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Danny Cohen, head of the BBC's television output, has promised viewers that the corporation will not make any more all-male comedy panel shows. Following recommendations made by the BBC Trust last year, Cohen has underlined his determination to see women appearing in the habitually macho environment of panel shows such as QI and Mock the Week. Talking to the Observer about his plans for better representing his audiences on screenCohen said: "We're not going to have any more panel shows with no women on them.
It's not acceptable. Cohen, who ran BBC1 until last spring and before that was the controller of digital channel BBC3, also said he had work to do to make sure there are more older women featuring in the corporation's television programmes. A BBC spokesman said that while it is possible that some panel Bbc for woman only recorded several months ago may still appear without a female team member or chairperson, every episode recorded from now on will include at least one woman.
In December, BBC management told programme producers there was "no excuse" for not having women on comedy panel shows after new sex-representation objectives were set by the BBC Trust. In July last year, the Trust asked BBC director general Tony Hall to get more women on air "as a matter of urgency" throughout Panel shows were immediately chosen by Cohen as a priority and a problem that would be relatively straightforward to address.
In-house and external producers were told to ensure that panel shows and quizzes involved at least one woman. The BBC's entertainment controller, Mark Linsey, said that such programmes would be improved by the mix of sexes.Sex addiction: Five times a day 'wasn't enough' - BBC News
The initiative followed the publication of a document commissioned for the Cultural Diversity Network in which had singled out the panel shows QI and Mock The Week for "rarely having women represented". Attention focused on the issue inwhen Victoria Wood complained to the Radio Times about the "testosterone-fuelled nature" of such shows.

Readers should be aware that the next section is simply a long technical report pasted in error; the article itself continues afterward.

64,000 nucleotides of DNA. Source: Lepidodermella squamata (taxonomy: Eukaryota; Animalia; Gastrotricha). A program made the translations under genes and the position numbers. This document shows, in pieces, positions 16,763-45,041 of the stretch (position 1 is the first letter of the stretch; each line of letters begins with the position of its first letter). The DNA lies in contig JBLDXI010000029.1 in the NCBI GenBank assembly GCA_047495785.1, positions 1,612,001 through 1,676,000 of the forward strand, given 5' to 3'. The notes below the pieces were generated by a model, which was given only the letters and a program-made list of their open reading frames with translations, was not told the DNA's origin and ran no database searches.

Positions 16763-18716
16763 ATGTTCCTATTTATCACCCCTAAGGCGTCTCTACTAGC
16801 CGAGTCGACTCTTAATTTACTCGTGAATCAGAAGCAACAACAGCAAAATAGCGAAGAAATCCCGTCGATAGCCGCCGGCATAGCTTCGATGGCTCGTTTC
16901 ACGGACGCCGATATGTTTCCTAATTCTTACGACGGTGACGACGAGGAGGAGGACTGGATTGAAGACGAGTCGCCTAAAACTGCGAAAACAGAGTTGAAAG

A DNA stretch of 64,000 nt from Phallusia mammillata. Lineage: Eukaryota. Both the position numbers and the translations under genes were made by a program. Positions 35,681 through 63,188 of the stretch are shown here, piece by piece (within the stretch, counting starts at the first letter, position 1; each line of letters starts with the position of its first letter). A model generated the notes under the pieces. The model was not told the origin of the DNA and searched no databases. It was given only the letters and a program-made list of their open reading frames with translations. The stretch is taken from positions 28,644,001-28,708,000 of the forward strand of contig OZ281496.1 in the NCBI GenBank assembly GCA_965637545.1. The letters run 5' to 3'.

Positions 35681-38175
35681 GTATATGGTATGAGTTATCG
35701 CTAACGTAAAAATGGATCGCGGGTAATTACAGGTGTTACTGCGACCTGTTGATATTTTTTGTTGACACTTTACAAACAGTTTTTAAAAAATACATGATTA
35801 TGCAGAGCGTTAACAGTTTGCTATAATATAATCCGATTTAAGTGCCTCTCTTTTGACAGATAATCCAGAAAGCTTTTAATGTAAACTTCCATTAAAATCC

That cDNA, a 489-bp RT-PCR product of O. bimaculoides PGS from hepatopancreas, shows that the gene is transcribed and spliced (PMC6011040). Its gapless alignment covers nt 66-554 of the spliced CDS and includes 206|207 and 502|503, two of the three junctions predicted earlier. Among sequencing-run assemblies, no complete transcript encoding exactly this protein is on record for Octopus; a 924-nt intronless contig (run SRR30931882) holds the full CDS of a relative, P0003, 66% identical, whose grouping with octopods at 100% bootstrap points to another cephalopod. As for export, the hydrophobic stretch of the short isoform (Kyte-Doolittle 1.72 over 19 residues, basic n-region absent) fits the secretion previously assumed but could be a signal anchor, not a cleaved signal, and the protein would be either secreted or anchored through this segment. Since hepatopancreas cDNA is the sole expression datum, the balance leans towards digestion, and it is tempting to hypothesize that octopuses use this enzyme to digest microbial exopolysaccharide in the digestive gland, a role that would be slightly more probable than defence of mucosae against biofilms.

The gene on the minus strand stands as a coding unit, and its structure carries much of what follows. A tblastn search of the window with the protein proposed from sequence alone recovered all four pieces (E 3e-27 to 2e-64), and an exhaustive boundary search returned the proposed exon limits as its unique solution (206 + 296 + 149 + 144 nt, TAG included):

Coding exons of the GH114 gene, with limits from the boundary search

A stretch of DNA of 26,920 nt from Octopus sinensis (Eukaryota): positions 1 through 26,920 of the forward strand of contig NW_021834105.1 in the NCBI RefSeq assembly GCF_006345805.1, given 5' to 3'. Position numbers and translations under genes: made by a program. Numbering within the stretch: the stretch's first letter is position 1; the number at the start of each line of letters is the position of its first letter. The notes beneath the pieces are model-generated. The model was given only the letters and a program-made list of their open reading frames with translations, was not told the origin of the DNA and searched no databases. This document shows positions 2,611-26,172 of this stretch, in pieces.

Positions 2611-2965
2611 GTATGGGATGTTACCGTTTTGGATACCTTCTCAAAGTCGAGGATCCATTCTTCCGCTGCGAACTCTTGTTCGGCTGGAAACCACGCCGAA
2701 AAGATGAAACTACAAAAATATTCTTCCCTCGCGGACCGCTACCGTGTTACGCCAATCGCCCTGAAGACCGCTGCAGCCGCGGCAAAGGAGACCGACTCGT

Television producers have argued that women often turn down the more competitive shows and Brand agreed that there are hefty disincentives, including the fears that they might not get a word in or may be edited to look stupid.
Kate Kinninmont, chief executive of Women in Film and Television, a group for women working in the industry, said last year that several of these shows had made progress: "People said for years there are no funny women and it was a struggle to get women on shows like Have I Got News for You.
But that has improved, as has the of women on Question Time. Mock The Week is repeatedly cited as the worst offender.
The topical show has an all-male line-up of regulars and series 12 managed to fill only five of 38 guest spots with female guests. Hugh Dennis, a Mock The Week regular, spoke recently about the armoury required by potential women guests.
Millican, he said, had a kind of quiet confidence that allowed her to rise above the boyish banter. She looks as if she is thinking, 'Oh you get on with it'. And then, when she says something, she does it brilliantly," he said. While television sitcoms starring women are enduringly popular — even if, in the case of Mrs Brown's Boysthe woman is a man — Armando Iannucci recently called for more women to write comedy scripts.
But Brand highlighted a "practical problem" of supply and demand early on: "There are far more male comics than women. When I started, there were about male stand-ups and about 20 female — roughly one woman for every two-and-a-half panel shows. The Observer BBC. This article is more than 7 years old.
Corporation is acting on recommendations by the Trust to boost female presence on screen. Vanessa Thorpearts and media correspondent.
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BBC chief: no more comedy shows with all-male panels